NEW YORK, Oct 5 (Reuters) - The U.S. Environmental
Protection Agency is expected to propose that electric vehicles
be eligible for renewable fuel credits in an upcoming proposal
on biofuel blending mandates, three sources familiar with the
The inclusion of electric vehicles into the federal
Renewable Fuel Standard (RFS) would be one of the largest
changes to the program since it began more than a decade ago.
The EPA is expected to send the proposal, which will address
mandates for after 2022, to the White House for approval by the
end of next week, two of the sources said.
The EPA did not confirm details, but said the agency intends
to meet the deadlines to implement the RFS program, said EPA
spokesperson Tim Carroll.
The Biden administration has set a goal to decarbonize the
U.S. economy by 2050 to fight climate change, a target that
would require widespread adoption of electric vehicles.
The inclusion of the electric vehicle industry into the RFS
would also add another powerful player into an already
contentious policy that has largely pitted the corn and oil
lobbies against each other.
Under the RFS, oil refiners must blend billions of gallons
of biofuels into the nation's fuel pool, or buy tradable
credits, known as RINs, from those that do.
If EPA expands the RFS program to include electric cars,
carmakers such as Tesla Inc could benefit and gain
access to a new type of credit, known in the industry as e-RINs,
or electric RINS. The subsidy could spread to related industries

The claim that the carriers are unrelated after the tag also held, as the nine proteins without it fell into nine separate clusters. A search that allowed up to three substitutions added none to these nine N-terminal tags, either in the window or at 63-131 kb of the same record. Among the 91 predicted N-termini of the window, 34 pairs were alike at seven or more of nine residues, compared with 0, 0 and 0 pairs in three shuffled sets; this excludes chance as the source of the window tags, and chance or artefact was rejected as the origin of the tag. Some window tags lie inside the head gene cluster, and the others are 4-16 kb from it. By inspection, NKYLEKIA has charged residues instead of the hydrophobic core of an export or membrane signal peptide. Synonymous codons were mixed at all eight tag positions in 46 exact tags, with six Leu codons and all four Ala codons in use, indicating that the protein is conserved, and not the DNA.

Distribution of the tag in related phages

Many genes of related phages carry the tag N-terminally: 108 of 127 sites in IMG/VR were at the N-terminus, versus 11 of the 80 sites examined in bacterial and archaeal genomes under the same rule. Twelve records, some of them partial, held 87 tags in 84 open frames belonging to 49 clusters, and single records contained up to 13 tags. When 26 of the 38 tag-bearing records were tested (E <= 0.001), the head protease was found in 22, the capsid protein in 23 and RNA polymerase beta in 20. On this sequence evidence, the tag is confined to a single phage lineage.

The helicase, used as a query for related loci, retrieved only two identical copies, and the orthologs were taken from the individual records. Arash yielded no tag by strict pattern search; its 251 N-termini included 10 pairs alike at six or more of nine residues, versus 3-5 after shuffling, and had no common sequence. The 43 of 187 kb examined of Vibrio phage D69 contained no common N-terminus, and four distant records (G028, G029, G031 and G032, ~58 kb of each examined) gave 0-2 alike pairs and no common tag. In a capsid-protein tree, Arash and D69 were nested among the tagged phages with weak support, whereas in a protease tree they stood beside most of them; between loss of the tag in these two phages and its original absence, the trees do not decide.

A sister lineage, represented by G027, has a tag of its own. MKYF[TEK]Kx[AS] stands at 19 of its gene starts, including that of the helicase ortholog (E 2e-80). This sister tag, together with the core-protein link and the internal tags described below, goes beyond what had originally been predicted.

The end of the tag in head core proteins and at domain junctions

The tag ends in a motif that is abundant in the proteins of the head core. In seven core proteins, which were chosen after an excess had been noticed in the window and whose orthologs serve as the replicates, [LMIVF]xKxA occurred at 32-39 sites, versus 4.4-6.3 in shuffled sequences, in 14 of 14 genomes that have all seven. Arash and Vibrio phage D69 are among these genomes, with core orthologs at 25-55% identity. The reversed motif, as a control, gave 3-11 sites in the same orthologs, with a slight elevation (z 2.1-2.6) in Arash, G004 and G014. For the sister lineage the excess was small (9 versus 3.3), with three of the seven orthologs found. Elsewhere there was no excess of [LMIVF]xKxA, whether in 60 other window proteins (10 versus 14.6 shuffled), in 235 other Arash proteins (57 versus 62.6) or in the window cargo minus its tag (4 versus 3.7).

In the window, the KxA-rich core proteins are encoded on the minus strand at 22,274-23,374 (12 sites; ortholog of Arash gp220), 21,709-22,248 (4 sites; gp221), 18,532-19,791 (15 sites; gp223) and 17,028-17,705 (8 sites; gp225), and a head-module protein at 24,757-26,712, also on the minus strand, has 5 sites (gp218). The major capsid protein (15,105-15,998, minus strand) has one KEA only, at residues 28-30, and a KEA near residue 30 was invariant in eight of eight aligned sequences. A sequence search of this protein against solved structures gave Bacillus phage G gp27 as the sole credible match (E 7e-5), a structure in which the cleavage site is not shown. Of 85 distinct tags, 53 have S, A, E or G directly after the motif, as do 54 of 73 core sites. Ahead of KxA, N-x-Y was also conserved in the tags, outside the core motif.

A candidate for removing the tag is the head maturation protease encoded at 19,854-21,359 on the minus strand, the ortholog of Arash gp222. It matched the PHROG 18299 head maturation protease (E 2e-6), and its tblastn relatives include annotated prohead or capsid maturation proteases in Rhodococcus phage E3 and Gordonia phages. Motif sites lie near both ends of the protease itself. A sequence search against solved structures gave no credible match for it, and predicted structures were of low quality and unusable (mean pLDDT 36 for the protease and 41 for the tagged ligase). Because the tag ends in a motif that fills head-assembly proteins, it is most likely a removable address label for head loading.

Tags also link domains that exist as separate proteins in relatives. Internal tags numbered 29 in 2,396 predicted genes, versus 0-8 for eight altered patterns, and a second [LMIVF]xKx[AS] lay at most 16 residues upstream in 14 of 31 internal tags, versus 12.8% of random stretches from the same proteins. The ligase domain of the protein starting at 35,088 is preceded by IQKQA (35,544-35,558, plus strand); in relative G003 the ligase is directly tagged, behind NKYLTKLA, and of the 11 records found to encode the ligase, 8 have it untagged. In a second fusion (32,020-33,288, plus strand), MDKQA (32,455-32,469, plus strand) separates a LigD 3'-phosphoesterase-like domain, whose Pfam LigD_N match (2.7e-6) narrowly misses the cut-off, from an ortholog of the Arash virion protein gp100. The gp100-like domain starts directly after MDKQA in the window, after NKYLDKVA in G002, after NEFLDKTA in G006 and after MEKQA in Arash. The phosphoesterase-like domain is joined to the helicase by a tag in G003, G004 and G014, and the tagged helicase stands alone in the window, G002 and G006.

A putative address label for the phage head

too, like car charging companies and landfills that supply
renewable biogas to power plants, according to industry players.
Reuters previously reported that the Biden administration
has leaned on Tesla, meeting with the company to help craft the
e-RIN program, according to emails reviewed by Reuters.
Electric vehicles would likely qualify for credits under the
program's "D3" mandate pool, which includes cellulosic biofuels
that can be made from wood waste and other feedstocks, the three
The EPA is expected to detail in its proposal annual biofuel
blending mandates for multiple years instead of just one,
Reuters previously reported, attributing the information to
The switch to a multi-year target would be aimed at
providing longer-term certainty to the refining and biofuels
industries, which have battled nearly constantly over the annual
The EPA has been ordered to propose a rulemaking for 2023
mandates by Nov. 16, according to a legal document in July.
(Reporting by Stephanie Kelly and Jarrett Renshaw
Editing by Marguerita Choy)